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Rick Snyder: Escape from Combray
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~Poetry~ | $14 ($12 direct from UDP)
Perfect-bound. 80 pp, 5 x 7.75 in.
ISBN 978-1-933254-51-7
Publication Date: October 1, 2009
Distribution: ~SPD~

Escape from Combray presents an intimate cycle of poems exploring the growing sense of urban ennui and dislocation affecting a generation of Americans. Snyder’s poems evokes a psychogeographic landscape where quotidian symbols of the working class juxtapose with the timeless profundity of Proust, Virgil, and Dante.

“Stan Brakhage writes ‘The American inherently struggles to be gentle and at the same time not to be taken advantage of.’ Nowhere is this notion more evident than in Rick Snyder’s remarkable poems, whose sweet-bitter speakers reveal the numerous states (both territories and conditions) with which—and in which—to fall in love and take issue. I’m very glad this book is in the world.” —GRAHAM FOUST

“I find myself reading Rick Snyder’s Escape from Combray on a gray summer morning in Maine. Its cityscapes, scenes, and sounds echo along the pines, intertwine with rural chirrups. These beautiful poems show how experience is shaped when the senses expand the flatness of the present in unfolding rhythmic phrases. Snyder’s pen moves skillfully from the casualness of a chance encounter into Augustine’s house of memory. It is what poetry does best, though one rarely sees it done so well.” —JENNIFER MOXLEY

“These poems often occur at dusk on the way home from work, the mind loosed from constraints and merging with the ambience of city streets. They record the sad but sustaining ironies of urban life—shops lighting up for the night, dirty snow, pockets of neglect and obsolescence—as well as brief glimpses of unexpected happiness. Throughout, one finds a light touch, whimsical self-regard, and lyrical wistfulness. Escape from Combray dips into the stream of days and the vernaculars of our time in order to draw up something memorable.” —DEVIN JOHNSTON

“Quiet, moving, brutally nostalgic. Details—a soup-can’s expiration date (associated with the expiry of a relationship), a broken cuckoo-clock (in a dead aunt’s apartment)—are unsentimental emblems of the disjunct between then and now. The markers of loss persist in accumulating. ‘How can you stand it, living among the relics of the future?’ No problem, at least while we’re in the company of these fresh, startlingly elegant poems.” —CATHY WAGNER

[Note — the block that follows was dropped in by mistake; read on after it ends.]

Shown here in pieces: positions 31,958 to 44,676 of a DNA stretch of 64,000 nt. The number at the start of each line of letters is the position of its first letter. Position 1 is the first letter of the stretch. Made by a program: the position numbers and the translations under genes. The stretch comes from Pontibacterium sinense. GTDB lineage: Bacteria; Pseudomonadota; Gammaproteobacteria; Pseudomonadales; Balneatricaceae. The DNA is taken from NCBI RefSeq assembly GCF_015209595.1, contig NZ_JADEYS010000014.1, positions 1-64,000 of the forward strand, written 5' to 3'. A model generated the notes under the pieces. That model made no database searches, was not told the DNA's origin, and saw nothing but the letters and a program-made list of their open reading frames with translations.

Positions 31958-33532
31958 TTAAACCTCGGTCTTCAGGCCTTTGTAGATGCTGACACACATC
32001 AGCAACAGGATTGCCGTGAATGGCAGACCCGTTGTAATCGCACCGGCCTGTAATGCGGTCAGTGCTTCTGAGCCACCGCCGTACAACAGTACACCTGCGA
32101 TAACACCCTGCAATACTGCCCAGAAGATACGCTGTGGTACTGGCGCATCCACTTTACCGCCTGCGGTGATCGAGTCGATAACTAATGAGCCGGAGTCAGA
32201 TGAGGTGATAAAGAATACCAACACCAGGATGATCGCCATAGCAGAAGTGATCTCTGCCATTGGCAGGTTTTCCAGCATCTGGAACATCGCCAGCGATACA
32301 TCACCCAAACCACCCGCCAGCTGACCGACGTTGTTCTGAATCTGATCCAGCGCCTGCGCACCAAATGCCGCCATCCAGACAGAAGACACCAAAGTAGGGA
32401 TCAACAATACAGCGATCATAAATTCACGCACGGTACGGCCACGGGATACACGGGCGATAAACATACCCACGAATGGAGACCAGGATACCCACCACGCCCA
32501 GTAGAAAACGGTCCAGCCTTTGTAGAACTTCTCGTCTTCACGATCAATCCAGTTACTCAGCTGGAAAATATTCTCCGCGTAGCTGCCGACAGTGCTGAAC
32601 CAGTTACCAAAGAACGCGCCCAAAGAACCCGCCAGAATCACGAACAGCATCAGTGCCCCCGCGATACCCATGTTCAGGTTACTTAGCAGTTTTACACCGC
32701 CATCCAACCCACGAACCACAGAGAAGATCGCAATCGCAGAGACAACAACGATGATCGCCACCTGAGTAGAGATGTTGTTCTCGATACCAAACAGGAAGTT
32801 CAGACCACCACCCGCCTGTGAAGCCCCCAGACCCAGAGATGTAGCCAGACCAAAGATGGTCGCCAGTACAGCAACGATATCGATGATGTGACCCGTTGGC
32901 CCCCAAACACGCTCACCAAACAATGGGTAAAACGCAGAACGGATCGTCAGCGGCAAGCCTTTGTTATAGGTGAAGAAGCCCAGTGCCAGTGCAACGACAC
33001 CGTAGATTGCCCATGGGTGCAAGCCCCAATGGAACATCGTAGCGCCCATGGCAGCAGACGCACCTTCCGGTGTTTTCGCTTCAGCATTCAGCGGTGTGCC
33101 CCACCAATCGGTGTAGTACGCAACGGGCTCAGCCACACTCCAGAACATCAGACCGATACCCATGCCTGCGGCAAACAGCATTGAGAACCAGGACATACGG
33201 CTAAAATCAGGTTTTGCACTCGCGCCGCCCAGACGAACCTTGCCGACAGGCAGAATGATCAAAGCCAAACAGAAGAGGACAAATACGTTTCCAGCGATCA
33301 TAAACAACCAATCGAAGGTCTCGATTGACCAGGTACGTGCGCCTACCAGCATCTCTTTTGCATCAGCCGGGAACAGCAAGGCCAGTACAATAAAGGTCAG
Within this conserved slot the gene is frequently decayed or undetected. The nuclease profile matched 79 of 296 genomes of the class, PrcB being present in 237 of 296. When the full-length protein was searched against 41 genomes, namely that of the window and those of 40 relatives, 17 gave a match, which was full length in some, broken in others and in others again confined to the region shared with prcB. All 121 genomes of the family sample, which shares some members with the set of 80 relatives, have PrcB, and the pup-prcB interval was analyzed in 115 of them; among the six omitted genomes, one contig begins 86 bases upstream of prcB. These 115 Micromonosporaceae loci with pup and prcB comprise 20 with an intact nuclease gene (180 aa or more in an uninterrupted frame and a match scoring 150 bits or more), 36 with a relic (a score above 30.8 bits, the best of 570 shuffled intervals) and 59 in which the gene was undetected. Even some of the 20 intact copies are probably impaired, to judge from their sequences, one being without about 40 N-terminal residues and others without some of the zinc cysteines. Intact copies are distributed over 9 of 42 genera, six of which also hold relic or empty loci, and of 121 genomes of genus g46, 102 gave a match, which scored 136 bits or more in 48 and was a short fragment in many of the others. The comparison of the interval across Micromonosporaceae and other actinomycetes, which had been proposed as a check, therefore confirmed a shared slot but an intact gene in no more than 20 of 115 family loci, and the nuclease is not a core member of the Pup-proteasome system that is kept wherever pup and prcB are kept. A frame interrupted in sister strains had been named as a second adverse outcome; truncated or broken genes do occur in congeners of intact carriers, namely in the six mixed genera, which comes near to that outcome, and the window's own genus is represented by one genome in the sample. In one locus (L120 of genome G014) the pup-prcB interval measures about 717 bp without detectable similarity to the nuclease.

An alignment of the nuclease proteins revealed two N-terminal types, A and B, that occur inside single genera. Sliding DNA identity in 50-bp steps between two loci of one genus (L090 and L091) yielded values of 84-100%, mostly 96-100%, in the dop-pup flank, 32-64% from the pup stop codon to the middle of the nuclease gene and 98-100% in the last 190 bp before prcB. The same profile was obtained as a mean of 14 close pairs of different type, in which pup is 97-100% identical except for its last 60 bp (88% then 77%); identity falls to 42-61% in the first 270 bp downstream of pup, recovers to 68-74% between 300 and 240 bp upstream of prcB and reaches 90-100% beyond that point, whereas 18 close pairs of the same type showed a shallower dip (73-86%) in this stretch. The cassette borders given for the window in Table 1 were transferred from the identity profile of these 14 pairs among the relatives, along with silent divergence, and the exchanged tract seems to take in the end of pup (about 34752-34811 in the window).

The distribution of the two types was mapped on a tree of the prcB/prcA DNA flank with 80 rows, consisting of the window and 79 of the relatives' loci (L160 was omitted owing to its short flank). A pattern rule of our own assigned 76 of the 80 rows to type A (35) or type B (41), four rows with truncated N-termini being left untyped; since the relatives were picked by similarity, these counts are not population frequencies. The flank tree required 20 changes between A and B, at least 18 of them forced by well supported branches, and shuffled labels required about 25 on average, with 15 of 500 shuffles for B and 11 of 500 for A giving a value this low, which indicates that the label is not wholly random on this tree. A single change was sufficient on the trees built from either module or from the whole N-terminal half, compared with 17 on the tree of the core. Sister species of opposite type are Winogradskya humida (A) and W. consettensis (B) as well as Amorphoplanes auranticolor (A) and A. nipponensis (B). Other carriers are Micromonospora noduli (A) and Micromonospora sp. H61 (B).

“Timely and timeless, these poems echo the best of veterans like Simic or Strand but pop with an updated disquietude, a low-key magic that conjures from familiar architecture new alcoves, new apses.” —PETER MOYSAENKO for BOMBLOG

“Escape from Combray is a powerful first book.” —JOHN YAU for The Brooklyn Rail

“Snyder is an astoundingly articulate poet, able to thrust the reader straight into those eerie nighttime experiences to hear loud and clear the sound of ‘crumpling paper / and foil.’  This is an enveloping debut.” —PUBLISHER’S WEEKLY (starred review)

NEWS AND REVIEWS

02.15.10 | Read the introduction to Rick Snyder at his recent reading at the Bowery Poetry Club on Ululations

02.11.10 | Nice feedback on Rick Snyder’s reading at the Bowery Poetry Club on Fait Accompli blog.

02.03.10 | Escape from Combray and g-point almanac: passyunk lost reviewed in The Supercollider blog

02.01.10 | Open Books reviews Rick Snyder’s Escape from Combray on its website.

12.17.09 | Barrelhouse names Rick Snyder’s Escape from Combray among the best poetry debuts of 2009.

11.03.09 | Rick Snyder’s Escape from Combray is reviewed by Peter Moysaenko on BOMBLOG

11.01.09 | John Yau reviews Rick Snyder’s Escape from Combray, ‘a powerful first book,’ in The Brooklyn Rail

10.19.09 | Publishers Weekly reviews Rick Snyder’s Escape from Combray

10.13.09 | John Latta reviews Rick Snyder’s Escape from Combray on Isola di Rifiuti blog.

Rick Snyder

Rick Snyder is the author of Escape from Combray (Ugly Duckling Presse, 2009). His chapbooks include Paper Poem (Dusie, 2006), Flown Season (Portable Press at Yo-Yo Labs, 2004), and Forecast Memorial (Duration, 2002). His poems, essays, and translations have appeared, or are forthcoming in Aufgabe, Fence, jubilat, Jacket, Ping Pong, and other journals. He currently teaches Latin and classical studies at the University of Rochester.